Zulu Secretsby Nathan Zeno / 20.08.2009
uZulu Lami is an innocent film as well as a film about innocence. The story of two young rural Zulu children who after their mother dies and are left in the care of a selfish aunt run off to the big city to sell their mothers grass mat. They discover that life in the big city is cruel, they nearly become glue sniffing street kids, are nearly spilt up, nearly sold into slavery and then sell some curios and go home. The plot is painfully simplistic, almost as if it had been made specifically for children.
Much has been made of the exceptional performances of the children, and as children on screen go the characters of Tembi & Kwezi are engaging enough, but Chilli Boy is by far the only performance that carries any emotional depth. The performances of two of the adults Michael Gritten and Peter Gardiner must be singled out as being overly large. Director Madoda Ncayiyana made an incredibly poetic short film The Sky In Her Eyes on which uZulu Lami is based, it seems a great pity that he has not managed to translate this poetry to a full length film. One also has to question how realistic a film concerning the lives of street children in the inner city can be when it has the city as one of its credited supporters.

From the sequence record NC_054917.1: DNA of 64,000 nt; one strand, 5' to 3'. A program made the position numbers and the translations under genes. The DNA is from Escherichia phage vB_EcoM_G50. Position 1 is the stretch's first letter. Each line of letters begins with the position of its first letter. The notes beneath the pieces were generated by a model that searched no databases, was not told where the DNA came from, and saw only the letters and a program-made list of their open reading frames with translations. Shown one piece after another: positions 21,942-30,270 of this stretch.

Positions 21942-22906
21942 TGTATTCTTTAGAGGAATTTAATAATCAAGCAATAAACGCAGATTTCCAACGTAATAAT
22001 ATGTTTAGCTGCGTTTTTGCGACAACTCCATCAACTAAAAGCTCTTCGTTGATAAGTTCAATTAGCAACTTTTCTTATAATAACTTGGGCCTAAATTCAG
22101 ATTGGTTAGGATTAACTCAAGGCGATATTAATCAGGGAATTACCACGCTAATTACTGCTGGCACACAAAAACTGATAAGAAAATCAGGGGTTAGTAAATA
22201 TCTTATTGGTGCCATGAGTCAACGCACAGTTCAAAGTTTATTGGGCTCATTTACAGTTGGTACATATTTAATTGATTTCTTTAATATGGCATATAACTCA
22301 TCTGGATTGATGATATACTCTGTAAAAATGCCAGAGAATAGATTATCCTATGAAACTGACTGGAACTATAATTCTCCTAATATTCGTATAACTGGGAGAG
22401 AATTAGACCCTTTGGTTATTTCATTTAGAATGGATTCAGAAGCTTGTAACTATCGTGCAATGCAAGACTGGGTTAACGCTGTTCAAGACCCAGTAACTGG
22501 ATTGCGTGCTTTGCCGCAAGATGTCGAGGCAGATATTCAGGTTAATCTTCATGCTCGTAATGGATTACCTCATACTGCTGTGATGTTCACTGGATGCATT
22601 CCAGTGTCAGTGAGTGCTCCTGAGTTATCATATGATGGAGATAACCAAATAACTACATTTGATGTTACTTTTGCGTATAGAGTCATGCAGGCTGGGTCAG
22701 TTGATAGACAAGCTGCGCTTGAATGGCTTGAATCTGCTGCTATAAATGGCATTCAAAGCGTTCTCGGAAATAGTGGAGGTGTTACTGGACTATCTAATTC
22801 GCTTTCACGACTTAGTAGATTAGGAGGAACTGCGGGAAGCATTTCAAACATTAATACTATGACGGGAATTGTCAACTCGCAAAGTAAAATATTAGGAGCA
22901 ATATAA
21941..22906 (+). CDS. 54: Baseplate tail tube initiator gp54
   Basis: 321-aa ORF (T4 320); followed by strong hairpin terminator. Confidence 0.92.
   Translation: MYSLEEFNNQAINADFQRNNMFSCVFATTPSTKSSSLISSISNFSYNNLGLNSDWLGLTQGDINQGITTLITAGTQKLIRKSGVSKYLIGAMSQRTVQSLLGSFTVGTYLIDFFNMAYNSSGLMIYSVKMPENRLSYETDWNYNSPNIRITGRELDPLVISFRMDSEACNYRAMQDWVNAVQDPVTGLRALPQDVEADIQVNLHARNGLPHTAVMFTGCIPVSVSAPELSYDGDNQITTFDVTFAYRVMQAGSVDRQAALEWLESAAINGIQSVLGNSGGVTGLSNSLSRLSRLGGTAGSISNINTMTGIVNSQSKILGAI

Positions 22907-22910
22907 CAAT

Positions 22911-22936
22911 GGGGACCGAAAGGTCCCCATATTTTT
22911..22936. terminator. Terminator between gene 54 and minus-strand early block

But many of the things that I at first found to be weaknesses are, upon reflection, actually strengths. By not getting into the end point of many of these adventure uZulu Lami functions more as fairy tale than realism and this makes it more accessible as a film. In fact I would have to question any value in going further into detail than it does. If the film was too realistic it might lose it’s audience. In this regard it seems Ncayiyana has translated his earlier poetry. He uses a world of whimsy to hint at darker truths without losing a dual message of hope and tragic inevitability. Even if it is not the most complex film uZulu Lami is a far more complex piece of filmmaking than it seems at first. It is such a great pity then that some of the performances hold it back from being a total success.